27 August 2021

Analyzing the Global Economic Results from the Second Quarter

It was clear that the economic data released by the world’s leading economies for the second quarter of this year was going to be highly unusual due to the huge economic losses that were incurred during the second quarter of last year as the Covid-19 pandemic caused massive disruptions around the world. Not only did these massive disruptions make forecasting last quarter’s economic results more challenging than normal, but they also ensured that the results from the last quarter would be open for misinterpretation due to their unusual nature. Nevertheless, optimism was high for the second quarter of 2021 as many economies were expected to show that they had, in many ways, offset the losses incurred last year. So far, the results have been mixed, with some key economies beating expectations, but with others falling short.


The United States

The United States economy has rebounded more strongly than most other economies from the impact of the Covid-19 pandemic. Nevertheless, its 12.2% year-on-year GDP growth (6.5% annualized) in the second quarter of this year was lower than had been expected. This was due to sharp declines in government spending and fixed investment in the second quarter, as well as constraints caused by labor shortages and supply chain disruptions.

Now, with the Delta variant of Covid-19 spreading across many areas of the US, there are concerns that the rate of economic growth in the United States might again fall below expected levels in the second half of this year. Despite this, the US economy is still expected to grow much faster than almost any other developed economy this year.



Few regions’ economies have been as badly impacted by the Covid-19 pandemic as Europe’s, with many of that region’s leading economies suffering massive losses since the start of the pandemic. Fortunately, many of those European economies that suffered the largest declines in economic output last year (the United Kingdom, Spain, France, Italy, etc.) were able to record relatively strong recoveries in the second quarter of this year.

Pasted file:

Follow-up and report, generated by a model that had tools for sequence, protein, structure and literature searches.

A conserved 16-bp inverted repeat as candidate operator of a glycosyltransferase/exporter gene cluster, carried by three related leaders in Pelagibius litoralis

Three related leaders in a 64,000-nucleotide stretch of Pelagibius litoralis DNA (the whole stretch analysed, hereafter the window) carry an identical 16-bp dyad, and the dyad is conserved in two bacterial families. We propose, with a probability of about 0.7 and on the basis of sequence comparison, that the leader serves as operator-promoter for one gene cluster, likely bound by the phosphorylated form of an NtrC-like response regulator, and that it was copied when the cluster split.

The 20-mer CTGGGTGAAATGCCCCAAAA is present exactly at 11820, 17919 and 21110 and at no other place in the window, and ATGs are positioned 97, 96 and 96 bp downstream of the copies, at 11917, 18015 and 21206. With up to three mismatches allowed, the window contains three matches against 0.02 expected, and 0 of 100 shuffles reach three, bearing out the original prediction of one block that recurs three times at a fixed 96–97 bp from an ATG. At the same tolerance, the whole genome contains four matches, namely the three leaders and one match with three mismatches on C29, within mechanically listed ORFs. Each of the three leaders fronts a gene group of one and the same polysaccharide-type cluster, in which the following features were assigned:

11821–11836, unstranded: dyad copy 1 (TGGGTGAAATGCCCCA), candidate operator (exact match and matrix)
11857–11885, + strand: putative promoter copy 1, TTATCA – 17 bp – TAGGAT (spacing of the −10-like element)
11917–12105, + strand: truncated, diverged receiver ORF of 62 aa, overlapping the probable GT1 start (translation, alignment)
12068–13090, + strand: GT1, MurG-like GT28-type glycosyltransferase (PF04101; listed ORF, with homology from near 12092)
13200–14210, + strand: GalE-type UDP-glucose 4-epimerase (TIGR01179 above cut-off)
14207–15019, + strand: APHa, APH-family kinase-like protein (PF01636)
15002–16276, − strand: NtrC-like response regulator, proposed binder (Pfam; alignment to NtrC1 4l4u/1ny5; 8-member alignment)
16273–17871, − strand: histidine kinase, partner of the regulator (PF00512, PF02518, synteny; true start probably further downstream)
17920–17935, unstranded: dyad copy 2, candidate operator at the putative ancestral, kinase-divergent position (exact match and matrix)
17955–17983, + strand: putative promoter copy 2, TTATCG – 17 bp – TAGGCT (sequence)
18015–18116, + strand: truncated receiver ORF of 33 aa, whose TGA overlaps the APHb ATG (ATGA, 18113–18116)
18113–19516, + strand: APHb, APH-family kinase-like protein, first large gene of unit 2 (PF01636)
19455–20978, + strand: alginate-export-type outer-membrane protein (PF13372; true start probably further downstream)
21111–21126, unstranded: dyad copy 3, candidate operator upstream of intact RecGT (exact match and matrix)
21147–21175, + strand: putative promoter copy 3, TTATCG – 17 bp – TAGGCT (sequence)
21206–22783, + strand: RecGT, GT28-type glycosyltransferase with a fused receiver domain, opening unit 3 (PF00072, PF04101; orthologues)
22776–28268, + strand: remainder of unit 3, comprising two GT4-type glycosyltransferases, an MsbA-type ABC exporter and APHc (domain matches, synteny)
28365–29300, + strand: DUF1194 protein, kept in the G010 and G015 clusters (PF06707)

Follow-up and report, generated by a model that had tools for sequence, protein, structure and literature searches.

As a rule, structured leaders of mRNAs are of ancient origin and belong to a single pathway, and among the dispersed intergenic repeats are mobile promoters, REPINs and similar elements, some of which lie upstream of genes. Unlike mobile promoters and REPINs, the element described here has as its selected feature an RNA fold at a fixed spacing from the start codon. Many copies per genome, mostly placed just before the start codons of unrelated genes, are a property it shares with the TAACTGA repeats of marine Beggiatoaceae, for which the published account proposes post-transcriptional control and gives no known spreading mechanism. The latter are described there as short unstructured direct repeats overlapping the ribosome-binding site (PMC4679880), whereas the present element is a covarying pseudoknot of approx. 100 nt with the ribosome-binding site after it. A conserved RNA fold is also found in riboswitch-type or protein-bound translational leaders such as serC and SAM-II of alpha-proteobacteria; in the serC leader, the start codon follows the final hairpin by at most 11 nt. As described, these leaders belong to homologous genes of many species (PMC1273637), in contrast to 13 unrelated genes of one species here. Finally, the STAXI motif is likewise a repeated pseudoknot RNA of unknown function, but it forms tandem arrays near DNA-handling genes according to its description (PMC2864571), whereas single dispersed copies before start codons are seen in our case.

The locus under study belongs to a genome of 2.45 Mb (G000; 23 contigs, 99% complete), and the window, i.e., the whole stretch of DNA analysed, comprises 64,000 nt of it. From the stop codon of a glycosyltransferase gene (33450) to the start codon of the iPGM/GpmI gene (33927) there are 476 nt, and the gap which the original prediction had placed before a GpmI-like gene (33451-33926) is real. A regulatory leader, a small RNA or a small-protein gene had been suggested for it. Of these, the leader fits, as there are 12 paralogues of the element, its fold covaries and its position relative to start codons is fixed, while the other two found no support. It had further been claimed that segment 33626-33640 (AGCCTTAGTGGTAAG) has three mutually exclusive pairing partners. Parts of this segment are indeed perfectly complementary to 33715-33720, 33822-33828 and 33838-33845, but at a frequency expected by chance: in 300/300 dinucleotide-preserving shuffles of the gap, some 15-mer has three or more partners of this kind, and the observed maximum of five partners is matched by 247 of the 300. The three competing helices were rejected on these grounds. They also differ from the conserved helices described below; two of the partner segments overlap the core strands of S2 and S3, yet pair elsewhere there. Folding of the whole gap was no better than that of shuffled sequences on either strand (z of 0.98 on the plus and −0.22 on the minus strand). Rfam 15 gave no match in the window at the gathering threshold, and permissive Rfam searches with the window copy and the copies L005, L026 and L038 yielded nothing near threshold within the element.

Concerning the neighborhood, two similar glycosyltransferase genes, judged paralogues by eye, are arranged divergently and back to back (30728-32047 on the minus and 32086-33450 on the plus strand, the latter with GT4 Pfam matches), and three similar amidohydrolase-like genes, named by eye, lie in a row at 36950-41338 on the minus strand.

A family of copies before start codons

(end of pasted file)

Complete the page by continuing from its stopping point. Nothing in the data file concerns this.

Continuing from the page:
On the other hand, Europe’s largest economy, Germany, has shown increasing signs of weakness in recent months. At the same time, many of Europe’s leading economies remain dangerously reliant upon exports and foreign investment to generate growth and these areas continue to be disrupted by the ongoing pandemic, as well as other factors.


Many Asian economies have weathered the crisis caused by the Covid-19 pandemic better than their counterparts in other parts of the world and this trend continued last quarter. China recorded economic growth of 7.9% on a year-on-year basis in the second quarter, although this was slightly below expectations as Covid-19 outbreaks disrupted economic activities in some regions of China during the second quarter.

Elsewhere, South Korea, Taiwan and Hong Kong all recorded strong rates of growth in the second quarter, while the Japanese economy bounced back from its prolonged slump during that period. In fact, the Covid-19 pandemic, while negatively impacting most Asian economies, has nevertheless reinforced the notion that Asia is now the dominant source of economic growth for the global economy.


The Outlook for the Remainder of 2021

Overall, the economic results that have been released so far for the second quarter of 2021 are welcome news for a world in need of a boost. Sure, the global recession caused by the Covid-19 pandemic was severe, but it was not as bad as had initially been feared. Furthermore, the economic recovery from this pandemic has been relatively robust.

Nevertheless, there are still some concerns about the health of the global economy over the remainder of this year. For one, many economies continue to be disrupted by the spread of the Delta variant of Covid-19 and the slow rollout of vaccines against the virus in many parts of the world. At the same time, labor shortages and supply chain disruptions continue to cause problems for many key industries. Likewise, long-term factors such as shrinking working-age populations, sluggish productivity growth and rising opposition to globalization are all threatening to slow economic growth in the coming months and years. As a result, while the global economy has responded relatively well to the impact of the pandemic, it is not out of the woods quite yet.